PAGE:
GERMANY: Industry complains of skills shortage

German industry has warned of the need to tackle a shortage of staff in mathematics, informatics, natural sciences and engineering, to stop economic momentum from stalling. Industry federations have put the swelling skills shortfall at 117,000 people in the four fields, abbreviated in German as MINT.

The warning came from the Confederation of German Industry (BDI) and the Confederation of German Employers (BDA).

According to Hans-Peter Klös (pictured), Managing Director of the Cologne Institute for Economic Research, increased demand for MINT specialists has swept the job market.

"In February alone, the shortage in MINT specialists rose by 21,000 people, which is the highest increase within a single month since 2000," Klös explained.

"Industry's demand for MINT professionals is set to grow even more over the next two years. The number of MINT graduates may have risen, but not enough to meet demand."

Gabriele Sons, Director General of Gesamtmetall, the umbrella association of organisations representing Germany's engineering industry, said that the sector's 3.5 million employees include around a quarter of all MINT academics in Germany.

"So if the already-existing shortage in the MINT area gets even worse, it will hit our branch especially hard," Sons feared.

"This is why ensuring a base for the recruitment of specialists is an indispensable element of any growth-oriented economic and employment policy. If vacancies for engineers and other MINT specialists can't be filled, we will be bargaining away our growth prospects."

Thomas Sattelberger, who is a Deutsche Telekom board member for human resources, chairs 'MINT Zukunft schaffen', an initiative launched by the BDA and the BDI to promote MINT subjects in schools. Sattelberger believes that MINT education must be boosted throughout the entire education system.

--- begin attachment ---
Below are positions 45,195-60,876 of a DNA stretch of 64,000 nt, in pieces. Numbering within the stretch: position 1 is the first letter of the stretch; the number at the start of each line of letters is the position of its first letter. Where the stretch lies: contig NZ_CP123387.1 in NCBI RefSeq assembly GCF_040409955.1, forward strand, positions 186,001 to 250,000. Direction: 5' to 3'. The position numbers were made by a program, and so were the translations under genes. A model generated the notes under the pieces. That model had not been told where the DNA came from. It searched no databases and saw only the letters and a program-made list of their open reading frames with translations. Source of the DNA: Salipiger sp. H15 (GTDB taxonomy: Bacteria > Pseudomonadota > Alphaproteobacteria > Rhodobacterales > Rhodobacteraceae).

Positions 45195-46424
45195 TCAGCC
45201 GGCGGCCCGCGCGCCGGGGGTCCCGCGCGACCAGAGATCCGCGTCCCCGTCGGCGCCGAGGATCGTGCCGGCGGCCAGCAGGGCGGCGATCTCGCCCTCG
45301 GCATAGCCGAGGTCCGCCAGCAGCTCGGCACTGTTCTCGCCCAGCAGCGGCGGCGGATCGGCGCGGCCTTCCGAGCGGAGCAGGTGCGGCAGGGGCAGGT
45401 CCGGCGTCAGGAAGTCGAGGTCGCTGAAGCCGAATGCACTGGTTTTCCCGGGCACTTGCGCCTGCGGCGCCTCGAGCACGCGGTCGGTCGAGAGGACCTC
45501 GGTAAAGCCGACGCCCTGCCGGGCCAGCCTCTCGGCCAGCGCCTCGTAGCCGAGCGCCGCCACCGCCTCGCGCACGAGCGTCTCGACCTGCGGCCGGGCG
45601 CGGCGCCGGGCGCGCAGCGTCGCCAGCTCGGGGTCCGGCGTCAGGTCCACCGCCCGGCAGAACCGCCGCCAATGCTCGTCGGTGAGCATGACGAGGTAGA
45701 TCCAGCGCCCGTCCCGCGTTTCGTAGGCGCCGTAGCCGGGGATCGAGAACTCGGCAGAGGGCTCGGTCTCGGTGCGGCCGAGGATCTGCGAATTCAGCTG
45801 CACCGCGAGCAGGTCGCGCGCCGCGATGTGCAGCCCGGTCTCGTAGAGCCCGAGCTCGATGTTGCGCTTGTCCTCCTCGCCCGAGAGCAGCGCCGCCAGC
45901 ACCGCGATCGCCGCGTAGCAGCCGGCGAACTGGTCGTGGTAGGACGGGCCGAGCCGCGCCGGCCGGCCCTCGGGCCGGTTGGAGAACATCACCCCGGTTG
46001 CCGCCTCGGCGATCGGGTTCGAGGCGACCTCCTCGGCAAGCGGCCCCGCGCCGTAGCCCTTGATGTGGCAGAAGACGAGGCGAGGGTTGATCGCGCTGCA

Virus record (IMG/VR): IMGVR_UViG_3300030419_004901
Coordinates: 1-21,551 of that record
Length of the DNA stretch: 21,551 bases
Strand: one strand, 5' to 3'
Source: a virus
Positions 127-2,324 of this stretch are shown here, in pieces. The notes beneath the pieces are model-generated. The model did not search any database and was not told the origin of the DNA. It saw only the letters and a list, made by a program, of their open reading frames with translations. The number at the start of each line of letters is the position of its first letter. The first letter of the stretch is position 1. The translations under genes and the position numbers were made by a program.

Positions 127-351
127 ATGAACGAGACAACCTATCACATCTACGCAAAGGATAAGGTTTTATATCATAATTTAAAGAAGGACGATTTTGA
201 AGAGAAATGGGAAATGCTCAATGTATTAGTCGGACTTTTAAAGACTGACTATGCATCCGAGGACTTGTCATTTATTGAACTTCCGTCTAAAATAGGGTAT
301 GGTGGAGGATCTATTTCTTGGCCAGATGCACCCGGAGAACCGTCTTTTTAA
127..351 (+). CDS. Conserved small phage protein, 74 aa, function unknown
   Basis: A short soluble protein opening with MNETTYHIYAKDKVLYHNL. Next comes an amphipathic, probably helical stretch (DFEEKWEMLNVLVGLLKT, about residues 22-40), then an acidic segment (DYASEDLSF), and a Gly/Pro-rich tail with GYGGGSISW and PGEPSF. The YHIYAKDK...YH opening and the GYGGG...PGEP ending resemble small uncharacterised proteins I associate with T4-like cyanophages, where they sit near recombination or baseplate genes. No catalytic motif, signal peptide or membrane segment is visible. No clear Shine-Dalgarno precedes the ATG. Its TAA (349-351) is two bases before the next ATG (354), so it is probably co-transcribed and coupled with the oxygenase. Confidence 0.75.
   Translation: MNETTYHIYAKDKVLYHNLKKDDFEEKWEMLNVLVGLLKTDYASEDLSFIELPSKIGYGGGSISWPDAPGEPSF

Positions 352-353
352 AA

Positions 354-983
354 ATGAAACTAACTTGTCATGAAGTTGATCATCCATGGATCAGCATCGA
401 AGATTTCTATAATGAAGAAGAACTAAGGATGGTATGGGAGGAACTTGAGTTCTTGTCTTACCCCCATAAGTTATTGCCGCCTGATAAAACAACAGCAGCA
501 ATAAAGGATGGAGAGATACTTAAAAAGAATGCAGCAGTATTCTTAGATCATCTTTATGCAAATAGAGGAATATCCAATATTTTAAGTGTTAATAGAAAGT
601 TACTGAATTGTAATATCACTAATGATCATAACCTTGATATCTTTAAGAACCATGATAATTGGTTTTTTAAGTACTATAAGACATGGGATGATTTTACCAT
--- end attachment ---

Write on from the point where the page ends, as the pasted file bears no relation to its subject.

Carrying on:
"Two natural science and engineering subjects have to be compulsory optional subjects in the natural science and engineering fields right up to the higher secondary school-leaving certificate," Sattelberger said.

'Compulsory optional' (Wahlpflichtfächer) refers to students having to take a subject from a broad area, such as mathematics and natural sciences, but there being options within that area such as maths, chemistry, physics or biology. Sattelberger is calling for compulsory education in two natural science and engineering subjects up to the school-leaving certificate.

"And we can no longer afford to waste what is a valuable talent potential: efforts must be stepped up to encourage girls and young women to study the MINT subjects," he said.

In higher education the Nixdorf Foundation, together with the Stifterverband, Germany's donor organisation for the promotion of science and the humanities, has been supporting institutions coming up with new ideas on boosting MINT graduate statistics.

Nixdorf and the Stifterverband have noted that growth in student numbers is slower in these subjects than it is in many others. One crucial factor they see is that much more could be done to improve study conditions in the subjects.

According to a survey by Hochschul-Informations-System (HIS - a German higher education statistics agency), 28% of MINT students drop out, compared to an overall average dropout rate of around one in five.

If students switching from the MINT area to other subjects are taken into account, the statistics become even more unfavourable, with 40% of beginners not staying on. So just slightly over half of a cohort of beginners actually obtain a MINT degree.

The 40% drop-out rate in MINT subjects compares to around 25% in law, economics and social sciences, and a mere 2% in medicine.

One reason stated for MINT students switching to other subjects or giving up altogether is that many feel that too much is being demanded of them. HIS stated that dropping out is usually due to failing to achieve in MINT courses. Apparently, many students claim that the workload is simply too great.